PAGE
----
Whether you’re self-employed, a solopreneur, or small business owner, you have to work both IN your business (serving clients & customers) and ON your business (managing technical operations and administration). Selecting the right suppliers and tools to keep your business running efficiently is NOT easy, especially with so many options out there.
Here are the services, tools, and products I’ve selected after hundreds of hours of trial, error, research, and customer service calls. I entrust my own business with these solutions, and I highly recommend them because they’ve made my life easier, improved my business efficiency, and provided the best value.
Note, I’ve included some affiliate links below, but rest assured that I only recommend services & products I use myself.
Last updated June 2023
- Hosting: A2 Hosting has been my web hosting provider since 2016 due to their fast speeds, great customer service, and green servers. In 2021, at the suggestion of my web team, I considered WP Engine as an alternative, but felt the value for money didn’t compare. Don’t just take my word for it. Here’s a comprehensive review of A2 from WPKUBE.
- Domain registrar: NameCheap offers competitive fees, affordable rates, and simple, user friendly control panel. Also, since May 29, 2018, Namecheap has offered free lifetime privacy protection on all domains purchased through them, which is a huge bonus if you don’t want your contact info visible in public WHOIS records. I used to use GoDaddy, but no longer prefer them due to their aggressive upselling tactics and somewhat distasteful advertising.
- Search Engine Optimization (SEO): Attracta and Yoast offers simple ways to optimize the SEO on your site.
- Content Management System (CMS): WordPress.org all the way. I’ve tinkered with Wix, SquareSpace, and others. I was on New Rainmaker for a year (steer clear!), and eventually came back to WordPress. WordPress is by far the most robust, and the wide adoption means you’ll never be short of developers or resources. I use WordPress for this site, CareerRelaunch.net, and ilumity.com.
- Themes: Themeforest is a great place to find solid themes for your WordPress blog.
- International payments: Wise is the platform I use for all international transactions. I use their multi-currency, borderless account to send/receive payments in foreign currencies. Monito is another service that allows me to find the most affordable way to transfer money abroad, but I’ve consistently found Wise is the best.
- Receiving payments online: BrainTree is the back-end payment solution I use on this site. A bit tricky to set up, but once you’re up and running, it’s fantastic!
- Receiving individual payments: PayPal is the industry standard, and many of my clients find these to be the simplest, most straightforward way to pay me.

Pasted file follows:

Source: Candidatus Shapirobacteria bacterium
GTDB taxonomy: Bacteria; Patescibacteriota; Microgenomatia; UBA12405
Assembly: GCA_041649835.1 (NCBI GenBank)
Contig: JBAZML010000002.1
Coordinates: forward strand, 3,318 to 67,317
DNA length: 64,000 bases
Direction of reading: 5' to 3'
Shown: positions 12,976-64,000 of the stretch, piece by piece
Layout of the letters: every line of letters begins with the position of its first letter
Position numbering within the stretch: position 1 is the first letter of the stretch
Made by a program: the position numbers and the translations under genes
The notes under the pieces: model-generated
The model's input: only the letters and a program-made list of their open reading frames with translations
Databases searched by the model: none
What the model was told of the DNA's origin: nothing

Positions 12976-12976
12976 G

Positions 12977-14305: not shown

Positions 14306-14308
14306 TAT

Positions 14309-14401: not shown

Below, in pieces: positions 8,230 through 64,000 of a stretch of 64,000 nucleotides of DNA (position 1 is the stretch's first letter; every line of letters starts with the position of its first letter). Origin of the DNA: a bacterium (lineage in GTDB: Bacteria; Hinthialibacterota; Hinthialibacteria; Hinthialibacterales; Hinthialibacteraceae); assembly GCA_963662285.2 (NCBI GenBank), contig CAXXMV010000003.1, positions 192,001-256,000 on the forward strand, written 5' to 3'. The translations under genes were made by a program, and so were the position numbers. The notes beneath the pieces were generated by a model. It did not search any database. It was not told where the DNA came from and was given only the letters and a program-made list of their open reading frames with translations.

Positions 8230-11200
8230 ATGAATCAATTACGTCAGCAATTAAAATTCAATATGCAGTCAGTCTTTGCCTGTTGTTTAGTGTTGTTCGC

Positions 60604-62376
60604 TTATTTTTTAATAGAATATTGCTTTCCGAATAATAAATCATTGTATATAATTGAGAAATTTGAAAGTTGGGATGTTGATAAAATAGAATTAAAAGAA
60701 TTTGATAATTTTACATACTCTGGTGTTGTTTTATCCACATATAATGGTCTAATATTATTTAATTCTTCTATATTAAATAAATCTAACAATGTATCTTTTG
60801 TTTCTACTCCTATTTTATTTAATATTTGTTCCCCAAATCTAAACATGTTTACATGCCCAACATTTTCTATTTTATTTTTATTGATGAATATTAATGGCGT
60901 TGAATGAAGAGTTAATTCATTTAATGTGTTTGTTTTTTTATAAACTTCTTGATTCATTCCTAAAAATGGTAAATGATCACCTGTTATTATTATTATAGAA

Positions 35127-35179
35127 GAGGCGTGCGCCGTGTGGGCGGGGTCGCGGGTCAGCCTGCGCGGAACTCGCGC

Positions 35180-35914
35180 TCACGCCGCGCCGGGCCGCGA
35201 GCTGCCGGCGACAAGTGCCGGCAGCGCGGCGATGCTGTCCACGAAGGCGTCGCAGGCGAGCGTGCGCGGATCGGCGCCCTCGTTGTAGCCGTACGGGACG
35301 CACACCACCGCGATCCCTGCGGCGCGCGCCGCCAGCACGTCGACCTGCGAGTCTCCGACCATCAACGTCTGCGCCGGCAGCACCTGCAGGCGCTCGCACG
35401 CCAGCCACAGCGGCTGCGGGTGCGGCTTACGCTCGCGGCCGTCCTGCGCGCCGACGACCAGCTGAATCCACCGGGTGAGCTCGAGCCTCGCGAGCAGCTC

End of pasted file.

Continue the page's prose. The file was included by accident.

- Accounting: QuickBooks Online is where I manage all client invoicing, payments, expense tracking, and accounting.
- Media host: Blubrry– media host with seamless Powerpress integration in WordPress, stats, and affordable rates, not to mention great customer service.
- Audio recording software: Adobe Audition (former Cool Edit Pro) is the software I’ve used for years, going all the way back to my news anchor days. Love the ease of use and amazing versatility of the program.
- Music: Although I commissioned an independent musician to compose the Career Relaunch® theme song, I often use AudioJungle to find other royalty-free tracks for my projects.
- Equipment: I use the Samson Q2U microphone mounted on a microphone stand I bought on eBay. I’ve also tried out the HyperX QuadCast S (more of a gaming mic), but found the bass to be a bit too strong with my voice. Aside from being in a quiet, carpeted room, that’s pretty much all there is to my sound setup.
- Riverside has written the Essential Podcast Equipment Checklist for Every Budget, which is a very helpful overview of options out there.
- Virtual Notebook: Evernote is my where I save ALL my ideas, project notes, lists of favorite things, article ideas. I use it as a virtual business card holder, idea repository, resource database, and content planner. Syncs seamlessly across all my devices, and even works offline.
- To-do lists: Todoist is where I create checklists, organized by project. Works seamlessly across desktop and mobile, and allows offline usage. I migrated over to Todoist after being a loyal user of Wunderlist for years, but Wunderlist shut down in 2020 after Microsoft acquired them in 2015. I couldn’t bring myself to shift over to Microsoft To Do, mostly because of how I saw Skype go downhill after Microsoft acquired them in 2011. Zapier has a great article on a few other to do list apps to consider.
- Saving stuff from web: Pocket (Read It Later, Inc) allows you to easily save articles, videos, and other web content.
Managing virtual teams
- File sharing: DropBox is my virtual drive of choice. Simplifies document sharing with clients and freelancers. Gone are the days of emailing large files. Great for working on shared documents with a virtual team. I prefer it over Google Drive and definitely over Box. Find it easier to share, edit, and replace files.
- Project management: Trello has transformed how I organise workflows and tasks, helping me stay visually organised and focused across projects with my virtual teams. I love the visual, pin-board style system it offers. Also works seamlessly across my desktop & mobile device. This Fast Company article outlines other reasons why Trello is such a powerful tool. I also use Notion, which is also incredibly versatile and especially helpful when onboarding new team members or managing content calendars.
- Collaborative docs: Google Docs is my go-to platform for sharing docs with my teams and clients.
- Back in 2017, I was more of a fan of Dropbox’s Paper (launched in early 2017) because I found the interface cleaner, more intuitive, and easier to set up for sharing vs. the older Google Docs. However, recent updates to Google Docs have made it much more user-friendly with seamless formatting and sharing options.
- Sending large files: I began using Dropbox Transfer after it launched in 2019, which allows me to send large files directly from my local drive. So handy!
- I also use WeTransfer, which has really improved over the years.
- I use ToffeeShare for more sensitive files because the transfer is no longer accessible once you close the transfer page.
- SendBig is another platform I’m beginning to explore due to their end-to-end encryption and generous 30GB size limit.
- Sharing screenshots: Monosnap is my go-to tool for sharing annotated screenshots or screen grabs. Dropbox Capture also works very well.